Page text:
Colour, 1979, 110m. / Directed by Joe D'Amato / Starring Paola Senatore, Donald O'Brien, Marina Hedman / Media Blasters (US R1 NTSC) / WS (1.85:1)

Virtually unseen outside Europe during its initial release during the brief frenzy of nunsploitation films pouring out of Italy, JOe D'Amato's strange and sleazy Images in a Convent (Immagini di un convento) earned its cult reputation entirely through the bootleg video circuit begun in the 1980s. Even though viewers usually had to contend with Italian dialogue and no subtitles, the mixture of evil satyr statues, forced hardcore nun sex, and rampant female flesh caught the attention of viewers hungry for something a little different. Though certainly more restrained than D'Amato's contemporary tropical XXX films of the period, this outing delivers enough illicit thrills to entice anyone with a taste for naughty sisters of the cloth.

The plot, basically a rehash of the Mexican delight Satanico Pandemonium, is fairly typical for the period, with young novice Isabella (Salon Kitty's Senatore) arriving at a secluded convent and discovering that all of the sisters harbor secret lusts for the flesh, regardless of gender. Isabella turns out to be hardly innocent herself, particularly when the sisters take in a wounded stud from the forest who turns out to be an emissary of Satan. Eventually a priest (spaghetti western vet O'Brien) is brought in to cleanse the convent of sin, but along the way the film makes several detours for sequences of holy sisters pleasuring themselves, being orally attacked by horny highwaymen, and engaging in orgies within their cloistered walls.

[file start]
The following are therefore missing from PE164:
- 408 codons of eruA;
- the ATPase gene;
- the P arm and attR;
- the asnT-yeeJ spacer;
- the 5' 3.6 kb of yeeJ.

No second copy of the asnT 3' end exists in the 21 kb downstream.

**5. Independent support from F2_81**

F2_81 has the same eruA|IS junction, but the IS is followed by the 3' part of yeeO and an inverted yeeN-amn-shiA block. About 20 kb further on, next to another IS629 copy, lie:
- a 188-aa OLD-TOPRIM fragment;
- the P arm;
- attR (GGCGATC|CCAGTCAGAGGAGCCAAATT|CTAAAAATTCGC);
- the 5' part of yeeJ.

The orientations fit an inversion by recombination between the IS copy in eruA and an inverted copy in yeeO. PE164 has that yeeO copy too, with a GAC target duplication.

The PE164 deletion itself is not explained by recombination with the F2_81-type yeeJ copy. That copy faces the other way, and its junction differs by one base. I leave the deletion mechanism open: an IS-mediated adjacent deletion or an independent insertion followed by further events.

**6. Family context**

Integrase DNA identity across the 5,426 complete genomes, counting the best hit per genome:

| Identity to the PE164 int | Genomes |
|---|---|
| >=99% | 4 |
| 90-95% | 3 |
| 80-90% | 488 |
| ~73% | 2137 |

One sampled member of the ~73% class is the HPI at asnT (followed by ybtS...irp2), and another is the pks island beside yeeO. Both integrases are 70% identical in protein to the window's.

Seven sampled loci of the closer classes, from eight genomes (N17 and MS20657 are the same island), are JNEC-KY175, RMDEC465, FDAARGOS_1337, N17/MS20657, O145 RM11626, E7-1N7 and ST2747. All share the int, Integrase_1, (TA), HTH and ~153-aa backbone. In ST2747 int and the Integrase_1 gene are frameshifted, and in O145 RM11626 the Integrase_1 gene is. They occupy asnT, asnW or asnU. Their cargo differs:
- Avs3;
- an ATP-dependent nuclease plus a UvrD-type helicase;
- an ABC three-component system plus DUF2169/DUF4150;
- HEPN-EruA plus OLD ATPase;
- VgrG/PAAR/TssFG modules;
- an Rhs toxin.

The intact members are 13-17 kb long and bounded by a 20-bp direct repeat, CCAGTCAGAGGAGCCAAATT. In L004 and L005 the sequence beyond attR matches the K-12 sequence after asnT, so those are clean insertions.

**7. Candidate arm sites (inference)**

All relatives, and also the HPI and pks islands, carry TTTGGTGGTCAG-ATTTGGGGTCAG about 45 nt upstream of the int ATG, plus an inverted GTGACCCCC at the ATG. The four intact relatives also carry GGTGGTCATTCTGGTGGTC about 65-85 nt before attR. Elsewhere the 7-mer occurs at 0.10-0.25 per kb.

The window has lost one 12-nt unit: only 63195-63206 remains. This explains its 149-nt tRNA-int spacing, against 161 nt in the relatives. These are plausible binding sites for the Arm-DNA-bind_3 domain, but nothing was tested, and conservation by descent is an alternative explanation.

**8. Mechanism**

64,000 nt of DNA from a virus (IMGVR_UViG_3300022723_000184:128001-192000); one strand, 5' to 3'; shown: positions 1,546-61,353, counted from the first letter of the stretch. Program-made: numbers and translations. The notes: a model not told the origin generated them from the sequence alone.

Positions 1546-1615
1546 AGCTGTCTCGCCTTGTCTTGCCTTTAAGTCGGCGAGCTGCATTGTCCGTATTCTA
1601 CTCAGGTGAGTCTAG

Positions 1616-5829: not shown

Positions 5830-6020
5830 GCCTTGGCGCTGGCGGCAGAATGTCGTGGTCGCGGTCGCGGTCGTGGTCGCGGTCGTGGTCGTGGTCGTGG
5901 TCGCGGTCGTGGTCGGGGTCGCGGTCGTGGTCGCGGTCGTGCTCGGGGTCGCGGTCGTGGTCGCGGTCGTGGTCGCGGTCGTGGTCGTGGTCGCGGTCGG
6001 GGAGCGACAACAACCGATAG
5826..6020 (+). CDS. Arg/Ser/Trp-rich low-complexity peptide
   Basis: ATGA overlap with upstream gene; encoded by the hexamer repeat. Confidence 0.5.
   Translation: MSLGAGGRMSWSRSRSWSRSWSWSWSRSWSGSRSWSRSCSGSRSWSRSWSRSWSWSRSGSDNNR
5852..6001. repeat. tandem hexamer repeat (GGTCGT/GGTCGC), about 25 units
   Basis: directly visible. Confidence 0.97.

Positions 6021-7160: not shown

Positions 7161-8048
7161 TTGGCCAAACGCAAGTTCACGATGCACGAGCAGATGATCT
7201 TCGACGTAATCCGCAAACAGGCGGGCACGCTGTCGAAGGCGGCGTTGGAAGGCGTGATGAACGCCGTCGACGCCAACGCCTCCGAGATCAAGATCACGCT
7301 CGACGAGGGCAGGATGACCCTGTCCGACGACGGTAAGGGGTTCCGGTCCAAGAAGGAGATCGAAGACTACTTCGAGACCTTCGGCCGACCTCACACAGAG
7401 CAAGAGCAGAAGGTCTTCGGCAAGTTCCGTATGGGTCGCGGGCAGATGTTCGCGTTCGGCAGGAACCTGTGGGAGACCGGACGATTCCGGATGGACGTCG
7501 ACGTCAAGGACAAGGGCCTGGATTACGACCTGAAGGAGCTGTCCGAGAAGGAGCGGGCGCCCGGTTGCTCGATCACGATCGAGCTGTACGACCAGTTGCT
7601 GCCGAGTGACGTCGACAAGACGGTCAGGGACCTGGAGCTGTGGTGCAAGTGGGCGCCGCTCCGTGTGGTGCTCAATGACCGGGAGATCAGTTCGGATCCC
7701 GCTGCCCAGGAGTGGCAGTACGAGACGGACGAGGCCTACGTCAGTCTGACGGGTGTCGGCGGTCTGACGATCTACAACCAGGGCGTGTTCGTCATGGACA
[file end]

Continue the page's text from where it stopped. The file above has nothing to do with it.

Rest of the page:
Still displaying traces of the visual gifts he brought to his fine work as a cinematographer in the early 1970s, director D'Amato doesn't skimp on the T&A but also delivers enough poetic moments to elevate the film a bit above the norm. The presence of a sinister ornamental statue tormenting the Mother Superior lends a haunting pagan atmosphere reminiscent of the classic Night Gallery druid episode, while Nico Fidenco's eerie score lends class to some of the more lyrical non-verbal passages. All of the actresses delve into their roles with gusto, shedding their habits when necessary and displaying figures refreshingly free from overzealous plastic surgery. All in all, it's a worth nunsploitation entry and, thanks to the aforementioned brief bits of semi-hardcore activity, one to pull out for those who think they've seen it all.

Media Blasters' DVD does an admirable job of coping with the demands of D'Amato's extremely soft-focus lensing, though contrary to the packaging promising a 16x9 transfer, it's flat 1.85:1 and, in order to activate the English subtitles, has to be watched windowboxed on widescreen televisions. Otherwise it's attractive enough and certainly better than those blurry tapes we've come to know and love. Apparently a short sequence involving the devil statue and one of the lonely sisters was excised for some reason, so completists may want to hang onto their dupes anyway for posterity.

Apart from the main feature, the first disc includes the usual round of Media Blasters' "Exploitation Digital" trailers (Porno Holocaust, Yellow Emanuelle, and two SS films), while the real meat lies on the second disc. A familiar stape from X-Rated Kult Video's European D'Amato releases, the "Joe D'Amato: Totally Uncut!" Italian documentary pops up here with very welcome English subtitles. Circulated in a variety of versions depending on the video label, this edition clocks in a little over an hour and covers D'Amato's sex film career from artsy softcore to late-career shot-on-video hardcore. D'Amato cheerfully discusses his work, while ample clips demonstrate his proficiency with cinematic smut in all its permutations. On top of that you get girlie shots of Images's two female leads, and best of all, a lengthy reel of D'Amato trailers (mostly horror-related) including all of Media Blasters' releases (ranging from the early Buio Omega and Anthropophagus to later horrors like Killing Birds) and some surprising odd-man-out titles like Death Smiles at Murder (presumably culled from the Dutch DVD), Caligula: The Untold Story, and Orgasmo Nero.